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From Michał Kłeczek <michal.klec...@xpro.biz>
Subject Re: River-436 - need some explanation of preferred class provider
Date Tue, 04 Mar 2014 17:18:36 GMT
Peter,

I'm going to make some more general comments here.

Actually my question was about making sure I understand how 
PreferredClassLoader works and that there is no "magic" somewhere that I am 
not aware of.

ClassLoader complexity and dependency management is something that was 
understood long time ago and solved several times (OSGI or NetBeans module 
system come to mind first).
To be honest I really do not understand why River community does not make use 
of existing solutions and tries to either reinvent the wheel or live with 
broken architecture and develop ad-hoc fixes not really addressing the root 
causes.

It may sound harsh but for me it looks like NIH syndrome.

We are discussing service packaging and container implementation while we have 
_basic_ stuff not working:
a) we have a huge security issue with allowing untrusted code to execute
b) we have a class loading issue that makes it impossible to use River for 
simple service composition - as I've shown in my example.
c) we have a whole lot of concurrency issues in the implementation from which 
a lot were fixed by Peter and it is still not decided whether it is worth 
incorporating those fixes!!!.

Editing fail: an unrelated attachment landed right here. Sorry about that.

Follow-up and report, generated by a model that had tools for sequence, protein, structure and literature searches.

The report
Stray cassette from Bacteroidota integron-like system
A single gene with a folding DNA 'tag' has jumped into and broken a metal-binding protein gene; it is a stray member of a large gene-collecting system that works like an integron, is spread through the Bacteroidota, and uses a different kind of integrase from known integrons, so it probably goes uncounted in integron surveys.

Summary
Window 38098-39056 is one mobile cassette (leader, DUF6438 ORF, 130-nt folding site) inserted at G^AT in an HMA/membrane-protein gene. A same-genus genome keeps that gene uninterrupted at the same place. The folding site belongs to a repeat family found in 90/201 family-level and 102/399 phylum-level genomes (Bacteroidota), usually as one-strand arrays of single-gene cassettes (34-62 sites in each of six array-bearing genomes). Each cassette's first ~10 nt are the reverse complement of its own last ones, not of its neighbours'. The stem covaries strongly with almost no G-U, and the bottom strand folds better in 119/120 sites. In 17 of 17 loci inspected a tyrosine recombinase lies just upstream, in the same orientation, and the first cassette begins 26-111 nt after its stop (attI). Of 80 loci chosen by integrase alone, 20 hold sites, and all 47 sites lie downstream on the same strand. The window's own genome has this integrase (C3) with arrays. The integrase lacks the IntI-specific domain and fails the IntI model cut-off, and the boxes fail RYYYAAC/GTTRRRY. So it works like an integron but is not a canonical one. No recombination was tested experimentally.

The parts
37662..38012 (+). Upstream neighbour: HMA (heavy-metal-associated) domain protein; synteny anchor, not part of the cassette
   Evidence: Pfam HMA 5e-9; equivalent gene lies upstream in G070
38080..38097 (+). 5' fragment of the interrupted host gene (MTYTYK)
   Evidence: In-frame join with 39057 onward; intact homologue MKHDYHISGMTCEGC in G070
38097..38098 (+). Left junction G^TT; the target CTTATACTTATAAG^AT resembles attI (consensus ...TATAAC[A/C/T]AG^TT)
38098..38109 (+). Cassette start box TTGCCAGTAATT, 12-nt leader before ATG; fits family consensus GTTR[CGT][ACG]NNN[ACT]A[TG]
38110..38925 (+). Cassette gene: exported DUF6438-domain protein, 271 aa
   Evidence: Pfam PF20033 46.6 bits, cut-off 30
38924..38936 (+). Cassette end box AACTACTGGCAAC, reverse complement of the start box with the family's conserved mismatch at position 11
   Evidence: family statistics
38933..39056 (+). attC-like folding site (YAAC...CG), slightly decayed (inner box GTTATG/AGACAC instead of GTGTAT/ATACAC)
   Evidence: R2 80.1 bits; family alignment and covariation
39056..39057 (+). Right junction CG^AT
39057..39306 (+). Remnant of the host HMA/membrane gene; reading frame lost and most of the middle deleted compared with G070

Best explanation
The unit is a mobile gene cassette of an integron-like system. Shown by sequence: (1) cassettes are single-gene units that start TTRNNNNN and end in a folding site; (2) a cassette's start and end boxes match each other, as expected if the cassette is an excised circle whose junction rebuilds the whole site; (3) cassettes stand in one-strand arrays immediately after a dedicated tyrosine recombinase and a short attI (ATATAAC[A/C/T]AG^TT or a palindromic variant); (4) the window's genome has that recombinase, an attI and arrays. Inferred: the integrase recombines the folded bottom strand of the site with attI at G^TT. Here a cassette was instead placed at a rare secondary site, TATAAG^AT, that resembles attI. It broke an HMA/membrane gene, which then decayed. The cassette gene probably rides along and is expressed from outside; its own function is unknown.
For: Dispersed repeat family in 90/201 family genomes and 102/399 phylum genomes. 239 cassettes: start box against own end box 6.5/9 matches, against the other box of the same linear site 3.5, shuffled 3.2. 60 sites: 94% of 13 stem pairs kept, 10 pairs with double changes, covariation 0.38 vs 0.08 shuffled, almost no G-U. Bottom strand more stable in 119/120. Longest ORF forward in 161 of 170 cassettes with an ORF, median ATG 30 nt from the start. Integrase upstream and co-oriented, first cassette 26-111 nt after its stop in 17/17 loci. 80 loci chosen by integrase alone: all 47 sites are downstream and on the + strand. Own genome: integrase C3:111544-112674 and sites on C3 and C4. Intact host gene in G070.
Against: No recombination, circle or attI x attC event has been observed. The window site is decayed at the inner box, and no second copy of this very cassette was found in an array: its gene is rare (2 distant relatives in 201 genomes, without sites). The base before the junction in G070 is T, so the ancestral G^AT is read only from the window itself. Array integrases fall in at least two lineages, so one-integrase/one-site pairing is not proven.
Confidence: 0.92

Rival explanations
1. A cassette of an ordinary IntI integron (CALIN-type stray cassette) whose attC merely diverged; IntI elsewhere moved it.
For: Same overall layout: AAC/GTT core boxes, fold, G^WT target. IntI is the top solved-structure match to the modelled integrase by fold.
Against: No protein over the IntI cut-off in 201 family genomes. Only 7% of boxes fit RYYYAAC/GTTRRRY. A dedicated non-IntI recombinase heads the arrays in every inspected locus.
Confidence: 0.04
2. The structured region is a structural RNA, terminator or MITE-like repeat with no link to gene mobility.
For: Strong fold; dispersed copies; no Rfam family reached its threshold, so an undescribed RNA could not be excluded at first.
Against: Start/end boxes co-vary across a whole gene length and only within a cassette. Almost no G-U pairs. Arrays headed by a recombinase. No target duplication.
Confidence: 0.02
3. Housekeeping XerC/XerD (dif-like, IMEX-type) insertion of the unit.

On the other hand I hear voices that we should drop/deprecate some of River 
components:
a) Phoenix
IMHO _any_ River service container should be _based_ on Phoenix. It has 
capabilities not available in most other containers (JEE containers 
specifically):
- ability to deploy/execute components in _isolation_ (different virtual 
machines - instantiated on demand)
- watchdog functionality
- easily accessible API (since Phoenix _is_ a River service)
- on-demand component activation (which I think is underestimated - see below)

b) Norm/Mercury/Fiddler
These are crucial for creating activatable sevices.
Activation is important in service composition scenarios where a service is 
actually implemented only as a client proxy wrapping other services (no server 
side logic). I would even say we are missing some (simple but important) 
services to make it possible:
- CodeRepository service (I remember one implementation created some time ago)
- ProxyTrustDelegate service (that would allow a service to delegate proxy 
verification logic to another service)

Just from the top of my head... :-)

Regards,

On Tuesday, March 04, 2014 09:17:12 PM Peter wrote:
> Thanks Michal,
> 
> Welcome to ClassLoader complexity.
> 
> We've more recently encouraged the separation of Service API, from
> implementation at the development stage, instead of relying on tools like
> classdep.  Rio, uses these conventions.
> 
> This is an important first step.
> 
> Basically Service API, are interfaces and classes that implementations use
> to communicate with each other.  In this case, because your Util interface
> needs to be shared, it correlates to service api.
> 
> If all application code was loaded into URLClassLoader instances as
> suggested previously some time ago by Nic on this list, then we could
> ensure that all Service API is loaded into it's own ProtectionDomain in the
> main application ClassLoader (a URLClassLoader instance that proxy's use as
> their parent loader)
> 
> To do so however requires new conventions for codebase annotations.
> 
> One restriction is that service api cannot be changed after deployment.
> 
> We could allow Service API to be loaded on demand after deployment, if it
> doesn't already exist at the client, but again it cannot be changed after
> deployment, only added to.
> 
> Cheers,
> 
> Peter.
> 
> 
> 
> 

-- 
Michał Kłeczek
XPro Sp. z o. o.
ul. Borowskiego 2
03-475 Warszawa
Polska
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